How Refinery29 is growing branded events in Europe
Following its success with branded live events in the U.S., Refinery29 is using them in Europe to drive audience and advertising growth.
For makeup brand Nars, Refinery29 is hosting an art exhibition called “Power Mouth” in East London September 8 and 9, Refinery’s first big U.K. event with an advertiser. Months in the works, the exhibition features art from five female artists centered around female empowerment. In June, Refinery29 hosted a concert for 400 people in Germany for hair-care brand Schwarzkopf as part of Schwarzkopf’s global influencer campaign. Both Refinery29 events were free for attendees.
“A big part of our offering is that we’re able to give to brand partners a dynamic and exciting way in which to build audience connections,” said Kate Ward, vp of international for Refinery29, which launched two years ago in the U.K. and now has some 33 people there. “It speaks to the fact that brands want to connect with audiences in real life.”
For now, Refinery is doing events as part of a branded-content package rather than doing standalone events. Ward wouldn’t say if the company has any other events coming up with brands.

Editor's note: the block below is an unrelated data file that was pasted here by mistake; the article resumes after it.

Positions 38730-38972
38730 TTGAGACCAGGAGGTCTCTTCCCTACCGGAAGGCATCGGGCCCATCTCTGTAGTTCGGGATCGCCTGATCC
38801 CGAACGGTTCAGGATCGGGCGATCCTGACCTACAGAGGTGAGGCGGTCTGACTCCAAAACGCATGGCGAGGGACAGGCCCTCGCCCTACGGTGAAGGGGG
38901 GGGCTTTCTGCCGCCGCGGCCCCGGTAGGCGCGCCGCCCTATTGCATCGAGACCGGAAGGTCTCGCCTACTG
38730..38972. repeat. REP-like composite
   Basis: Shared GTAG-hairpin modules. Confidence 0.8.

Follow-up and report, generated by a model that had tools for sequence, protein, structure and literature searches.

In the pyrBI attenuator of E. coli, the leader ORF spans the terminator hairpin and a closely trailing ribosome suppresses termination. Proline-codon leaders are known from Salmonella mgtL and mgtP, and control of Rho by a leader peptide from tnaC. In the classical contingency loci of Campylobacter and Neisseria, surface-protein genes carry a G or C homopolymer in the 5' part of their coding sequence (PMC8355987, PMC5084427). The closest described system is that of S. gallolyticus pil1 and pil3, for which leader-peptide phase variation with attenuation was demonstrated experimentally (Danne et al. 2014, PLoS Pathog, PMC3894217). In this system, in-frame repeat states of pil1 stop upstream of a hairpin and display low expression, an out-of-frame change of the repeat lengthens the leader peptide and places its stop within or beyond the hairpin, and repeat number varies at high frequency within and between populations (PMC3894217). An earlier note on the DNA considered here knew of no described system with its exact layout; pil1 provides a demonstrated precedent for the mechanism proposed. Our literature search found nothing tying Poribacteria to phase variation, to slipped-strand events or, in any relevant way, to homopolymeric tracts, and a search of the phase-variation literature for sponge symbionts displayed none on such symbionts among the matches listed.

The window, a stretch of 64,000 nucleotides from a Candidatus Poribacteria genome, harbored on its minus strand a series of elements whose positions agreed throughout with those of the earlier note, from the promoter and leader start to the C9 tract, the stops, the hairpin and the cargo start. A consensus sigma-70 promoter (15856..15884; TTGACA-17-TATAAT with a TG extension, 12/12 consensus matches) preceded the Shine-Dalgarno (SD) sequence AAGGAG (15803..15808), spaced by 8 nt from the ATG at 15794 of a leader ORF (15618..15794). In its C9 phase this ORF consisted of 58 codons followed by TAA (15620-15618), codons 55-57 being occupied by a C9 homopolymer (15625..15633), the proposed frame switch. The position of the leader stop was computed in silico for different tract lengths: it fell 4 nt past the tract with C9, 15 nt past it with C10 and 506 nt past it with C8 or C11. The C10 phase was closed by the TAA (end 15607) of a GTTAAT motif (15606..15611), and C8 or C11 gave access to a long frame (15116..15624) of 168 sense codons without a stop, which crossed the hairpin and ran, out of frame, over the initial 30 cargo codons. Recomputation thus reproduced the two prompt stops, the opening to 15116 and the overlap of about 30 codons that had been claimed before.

Publishers have leaned on events as a way to tap sponsorship dollars and also tried to generate revenue through ticket sales. In the States, Refinery29 has had success with 29Rooms, a 3-year-old, four-day event in New York where creators, artists and brands such as Clarins, Juicy Couture Fragrance and Dyson host interactive experiences in one of 29rooms. For the first time, Refinery is charging an admission fee this year, $19 (£14.50). 29Rooms has attracted over 20,000 visitors over the past two years and generated 250 million social interactions last year, according to a company spokesperson.
Spending on experiential marketing is expected to increase by up to 50 percent in the next three to five years, according to a May report from marketing agency Freeman. But there’s a lot of local competition in the U.K. market. The Financial Times has been focusing on its events business to fight subscriber churn, ESI Media in June hired its first managing director for ESI Live, its events division, which puts on the Evening Standard Theatre Awards and the Progress 1000 as well as events it does for brands.
Events also have their limitations as a marketing vehicle. They’re good at giving brands the ability to reach potential customers in real life, but they typically don’t let them reach people at scale, and assessing their return on investment can be tricky, said Simon Moore, group creative director at Havas agency, Cake.
Image: Romily Alice, via Refinery29.
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